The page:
Being somewhat fixated on ramen at the moment, I tried the kimchee ramen noodles at the Sakura noodle stand mentioned by rq upthread. It's located in the Zhongxiao Dunhua MRT food court by exit 4. These were pretty decent and cheap as well (NT$129). I liked the fact that the pork slices were fairly tender and the broth was rich and savory. The thin straight noodles were a bit boring however and the kimchee added a garlic note I found unnecessary. It had corn as well which added some textural crunchiness. Not bad for the price though I think I will stick with a non-kimchee version next time. If I had to choose between the Kagetsu and Sakura, I would probably opt for the latter.

Thanks for blogging by the way -- I'm really enjoying your recs. I have you to thank for both Ice Monster and Yong Kang Kou which I was lucky enough to visit on a previous trips before they closed (that street has been gastronomically devastated). Also, because of your blog, my family has booked a table at the new Mala Yuanyang on Zhong Xiao E. Rd. for Xmas dinner which should prove to be a memorable evening.

Still on this ramen kick btw, so I think I'll try Hachiban Ramen next at The Mall on Dun Hua S. Rd. It's another large Japanese chain but I really enjoyed the quality of their noodles when last I visited Bangkok.

sweaty pig said...

Dragged me mum to the Far Eastern Shopping Mall ("The Mall")on Dunhua S. Rd. today in search of Hachiban ramen mentioned above. Found it in the lower food court as Genpachi Ramen. Wasn't disappointed. The quality of the noodles themselves were self-evident: golden, springy and pure joy to slurp. I had the pork broth which was so rich and creamy, I suspected the addition of milk. The slices of roast pork melted in my mouth. Pretty pricey at NT$220 per bowl. Extra noodles cost NT$50. Highly recommended.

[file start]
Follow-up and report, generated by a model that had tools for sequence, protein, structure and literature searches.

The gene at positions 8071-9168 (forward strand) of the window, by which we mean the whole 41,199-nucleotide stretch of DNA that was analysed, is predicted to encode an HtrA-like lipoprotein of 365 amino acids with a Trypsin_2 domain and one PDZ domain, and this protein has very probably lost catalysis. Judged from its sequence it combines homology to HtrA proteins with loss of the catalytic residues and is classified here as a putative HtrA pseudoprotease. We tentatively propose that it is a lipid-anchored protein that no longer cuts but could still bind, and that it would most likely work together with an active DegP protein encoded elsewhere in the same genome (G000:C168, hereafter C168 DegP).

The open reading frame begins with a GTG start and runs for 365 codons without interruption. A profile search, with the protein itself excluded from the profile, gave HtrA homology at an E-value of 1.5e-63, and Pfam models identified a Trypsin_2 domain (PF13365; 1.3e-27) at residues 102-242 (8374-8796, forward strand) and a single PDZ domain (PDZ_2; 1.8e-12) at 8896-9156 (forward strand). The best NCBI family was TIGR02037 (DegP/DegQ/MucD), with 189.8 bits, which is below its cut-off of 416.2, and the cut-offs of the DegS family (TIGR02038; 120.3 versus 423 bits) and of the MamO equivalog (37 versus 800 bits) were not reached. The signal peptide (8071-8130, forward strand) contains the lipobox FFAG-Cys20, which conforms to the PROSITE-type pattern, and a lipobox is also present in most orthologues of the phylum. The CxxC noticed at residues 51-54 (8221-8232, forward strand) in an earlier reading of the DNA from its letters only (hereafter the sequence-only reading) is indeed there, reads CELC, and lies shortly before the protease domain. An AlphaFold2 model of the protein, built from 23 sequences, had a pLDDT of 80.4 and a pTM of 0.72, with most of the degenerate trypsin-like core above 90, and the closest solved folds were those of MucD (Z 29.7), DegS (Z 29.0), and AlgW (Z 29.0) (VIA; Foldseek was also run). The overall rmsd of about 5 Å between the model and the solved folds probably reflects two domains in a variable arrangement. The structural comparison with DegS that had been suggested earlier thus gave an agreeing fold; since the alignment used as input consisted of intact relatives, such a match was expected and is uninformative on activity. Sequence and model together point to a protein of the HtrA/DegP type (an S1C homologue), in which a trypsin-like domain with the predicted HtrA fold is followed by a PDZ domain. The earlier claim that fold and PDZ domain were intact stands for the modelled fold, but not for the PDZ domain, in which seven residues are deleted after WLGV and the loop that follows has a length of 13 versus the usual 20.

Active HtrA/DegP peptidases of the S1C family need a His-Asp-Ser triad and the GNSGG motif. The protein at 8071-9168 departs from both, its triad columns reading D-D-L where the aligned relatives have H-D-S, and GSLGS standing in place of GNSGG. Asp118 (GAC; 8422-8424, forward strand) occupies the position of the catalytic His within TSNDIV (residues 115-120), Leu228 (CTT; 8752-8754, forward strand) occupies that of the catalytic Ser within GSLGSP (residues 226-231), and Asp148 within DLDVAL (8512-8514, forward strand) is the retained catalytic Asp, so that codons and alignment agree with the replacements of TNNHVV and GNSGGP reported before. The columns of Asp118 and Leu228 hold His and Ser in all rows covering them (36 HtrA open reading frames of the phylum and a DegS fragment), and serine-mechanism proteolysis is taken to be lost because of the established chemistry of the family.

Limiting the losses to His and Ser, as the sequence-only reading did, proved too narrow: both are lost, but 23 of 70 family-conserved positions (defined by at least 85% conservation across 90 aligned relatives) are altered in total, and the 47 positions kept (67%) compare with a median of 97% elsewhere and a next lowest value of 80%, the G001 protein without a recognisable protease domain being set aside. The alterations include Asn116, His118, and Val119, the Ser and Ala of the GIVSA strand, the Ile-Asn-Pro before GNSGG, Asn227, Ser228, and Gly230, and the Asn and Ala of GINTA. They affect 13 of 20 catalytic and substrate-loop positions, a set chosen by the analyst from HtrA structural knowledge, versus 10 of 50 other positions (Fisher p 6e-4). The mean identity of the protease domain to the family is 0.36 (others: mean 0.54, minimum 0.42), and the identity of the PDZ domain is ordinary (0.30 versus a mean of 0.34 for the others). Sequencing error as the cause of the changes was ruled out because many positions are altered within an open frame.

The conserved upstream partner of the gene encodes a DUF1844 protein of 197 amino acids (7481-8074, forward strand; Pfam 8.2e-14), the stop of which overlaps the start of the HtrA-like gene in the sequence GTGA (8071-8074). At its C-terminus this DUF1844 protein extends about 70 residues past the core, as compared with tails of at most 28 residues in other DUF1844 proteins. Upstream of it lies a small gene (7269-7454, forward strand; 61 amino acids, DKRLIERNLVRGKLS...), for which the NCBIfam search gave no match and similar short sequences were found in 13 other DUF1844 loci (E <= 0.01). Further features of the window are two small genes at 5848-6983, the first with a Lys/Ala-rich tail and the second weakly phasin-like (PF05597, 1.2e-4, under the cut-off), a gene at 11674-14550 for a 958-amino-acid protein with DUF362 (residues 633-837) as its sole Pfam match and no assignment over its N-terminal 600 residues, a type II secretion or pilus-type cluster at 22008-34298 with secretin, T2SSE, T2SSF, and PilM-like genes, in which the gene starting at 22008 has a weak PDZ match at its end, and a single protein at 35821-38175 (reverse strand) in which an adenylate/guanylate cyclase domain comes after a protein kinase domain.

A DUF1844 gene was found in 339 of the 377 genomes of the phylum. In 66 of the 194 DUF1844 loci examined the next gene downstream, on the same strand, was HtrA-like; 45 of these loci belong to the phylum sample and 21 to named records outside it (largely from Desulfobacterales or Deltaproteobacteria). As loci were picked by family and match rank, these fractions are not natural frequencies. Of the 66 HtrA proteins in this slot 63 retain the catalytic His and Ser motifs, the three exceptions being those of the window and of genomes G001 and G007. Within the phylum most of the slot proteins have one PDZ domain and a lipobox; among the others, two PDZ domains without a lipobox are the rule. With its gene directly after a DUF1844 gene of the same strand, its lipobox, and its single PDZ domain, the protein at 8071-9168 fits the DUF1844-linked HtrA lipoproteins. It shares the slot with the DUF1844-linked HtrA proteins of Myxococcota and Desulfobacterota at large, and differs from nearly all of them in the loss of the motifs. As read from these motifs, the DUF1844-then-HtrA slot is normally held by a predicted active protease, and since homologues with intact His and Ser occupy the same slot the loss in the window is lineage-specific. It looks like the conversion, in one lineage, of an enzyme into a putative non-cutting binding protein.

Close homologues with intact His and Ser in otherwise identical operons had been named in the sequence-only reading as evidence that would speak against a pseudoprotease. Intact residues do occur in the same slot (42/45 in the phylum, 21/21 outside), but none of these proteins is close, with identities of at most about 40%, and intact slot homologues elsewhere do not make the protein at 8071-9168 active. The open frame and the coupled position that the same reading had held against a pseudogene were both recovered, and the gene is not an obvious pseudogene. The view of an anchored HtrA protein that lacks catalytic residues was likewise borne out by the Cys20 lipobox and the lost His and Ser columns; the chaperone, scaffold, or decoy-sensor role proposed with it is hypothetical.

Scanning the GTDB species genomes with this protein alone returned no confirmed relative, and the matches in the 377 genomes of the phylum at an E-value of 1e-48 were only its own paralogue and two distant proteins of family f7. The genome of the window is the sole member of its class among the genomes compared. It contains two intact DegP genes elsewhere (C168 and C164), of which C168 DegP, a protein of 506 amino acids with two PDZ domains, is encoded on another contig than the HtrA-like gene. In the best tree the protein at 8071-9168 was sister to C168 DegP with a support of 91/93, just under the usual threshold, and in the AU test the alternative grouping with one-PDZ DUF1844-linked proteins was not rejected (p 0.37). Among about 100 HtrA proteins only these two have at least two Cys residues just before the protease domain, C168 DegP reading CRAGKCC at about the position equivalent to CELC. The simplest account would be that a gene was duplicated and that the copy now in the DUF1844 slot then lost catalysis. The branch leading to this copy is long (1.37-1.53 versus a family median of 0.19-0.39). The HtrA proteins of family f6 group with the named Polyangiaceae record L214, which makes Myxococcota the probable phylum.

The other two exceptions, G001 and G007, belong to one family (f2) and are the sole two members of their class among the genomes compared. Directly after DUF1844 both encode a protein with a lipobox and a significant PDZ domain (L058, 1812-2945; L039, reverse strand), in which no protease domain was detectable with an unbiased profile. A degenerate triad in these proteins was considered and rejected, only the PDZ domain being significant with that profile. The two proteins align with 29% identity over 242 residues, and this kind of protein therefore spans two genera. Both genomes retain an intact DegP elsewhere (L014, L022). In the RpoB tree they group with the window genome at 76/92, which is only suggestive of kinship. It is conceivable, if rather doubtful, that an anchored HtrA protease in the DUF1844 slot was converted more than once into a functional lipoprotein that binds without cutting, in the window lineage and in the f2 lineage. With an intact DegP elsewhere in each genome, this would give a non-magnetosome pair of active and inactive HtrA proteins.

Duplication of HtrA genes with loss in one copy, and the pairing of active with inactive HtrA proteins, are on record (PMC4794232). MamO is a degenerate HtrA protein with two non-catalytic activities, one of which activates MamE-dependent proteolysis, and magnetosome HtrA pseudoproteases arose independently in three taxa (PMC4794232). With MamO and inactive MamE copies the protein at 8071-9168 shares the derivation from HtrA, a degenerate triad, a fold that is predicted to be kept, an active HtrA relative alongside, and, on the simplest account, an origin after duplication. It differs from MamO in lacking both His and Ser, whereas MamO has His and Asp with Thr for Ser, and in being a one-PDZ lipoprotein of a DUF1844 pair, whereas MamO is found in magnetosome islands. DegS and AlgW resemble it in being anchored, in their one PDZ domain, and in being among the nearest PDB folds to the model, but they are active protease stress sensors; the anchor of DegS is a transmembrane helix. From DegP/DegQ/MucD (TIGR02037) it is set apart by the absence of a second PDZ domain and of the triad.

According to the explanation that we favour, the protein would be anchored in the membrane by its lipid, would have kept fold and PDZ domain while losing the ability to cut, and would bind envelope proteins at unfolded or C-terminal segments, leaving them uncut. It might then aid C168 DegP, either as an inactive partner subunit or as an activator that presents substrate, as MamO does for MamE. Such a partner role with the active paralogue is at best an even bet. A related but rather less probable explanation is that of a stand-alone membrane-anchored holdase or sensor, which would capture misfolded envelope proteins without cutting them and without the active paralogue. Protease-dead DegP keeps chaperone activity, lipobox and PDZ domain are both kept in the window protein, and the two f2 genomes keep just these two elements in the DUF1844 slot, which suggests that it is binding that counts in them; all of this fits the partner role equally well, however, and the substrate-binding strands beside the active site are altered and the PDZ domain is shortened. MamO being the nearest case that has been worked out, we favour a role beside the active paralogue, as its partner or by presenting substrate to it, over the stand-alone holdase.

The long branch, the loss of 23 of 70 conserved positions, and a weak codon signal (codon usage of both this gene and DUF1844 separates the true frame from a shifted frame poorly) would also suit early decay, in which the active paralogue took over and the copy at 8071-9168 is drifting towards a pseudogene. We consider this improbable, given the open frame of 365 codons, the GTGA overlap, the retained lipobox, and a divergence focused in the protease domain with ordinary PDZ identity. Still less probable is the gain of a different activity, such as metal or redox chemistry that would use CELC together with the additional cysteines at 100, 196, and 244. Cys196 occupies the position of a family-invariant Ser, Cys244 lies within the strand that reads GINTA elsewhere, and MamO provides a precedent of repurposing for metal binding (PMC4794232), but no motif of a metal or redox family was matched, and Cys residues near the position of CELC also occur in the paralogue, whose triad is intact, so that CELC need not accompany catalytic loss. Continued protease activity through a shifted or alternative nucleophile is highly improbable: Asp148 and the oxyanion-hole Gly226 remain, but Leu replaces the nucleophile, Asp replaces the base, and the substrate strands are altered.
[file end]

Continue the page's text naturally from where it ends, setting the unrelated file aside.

sweaty pig said...

Forgot to mention that they offered the noodles cold, by themselves, if you prefer. They also had a "Zhajiang" style ramen served dry and with ground pork and spicy fermented broadbeans on top. Yum. Defo going back.

Anonymous said...

would have to say out of all the ramen i've had in taipei, Yamagoya (山小屋)is the best value and taste...anyone else tried it?

Anonymous said...

would have to say out of all the ramen i've had in taipei, Yamagoya (山小屋)is the best value and taste...anyone else tried it?
it is 216巷,19弄 I believe, the one with the 7/11 on the corner.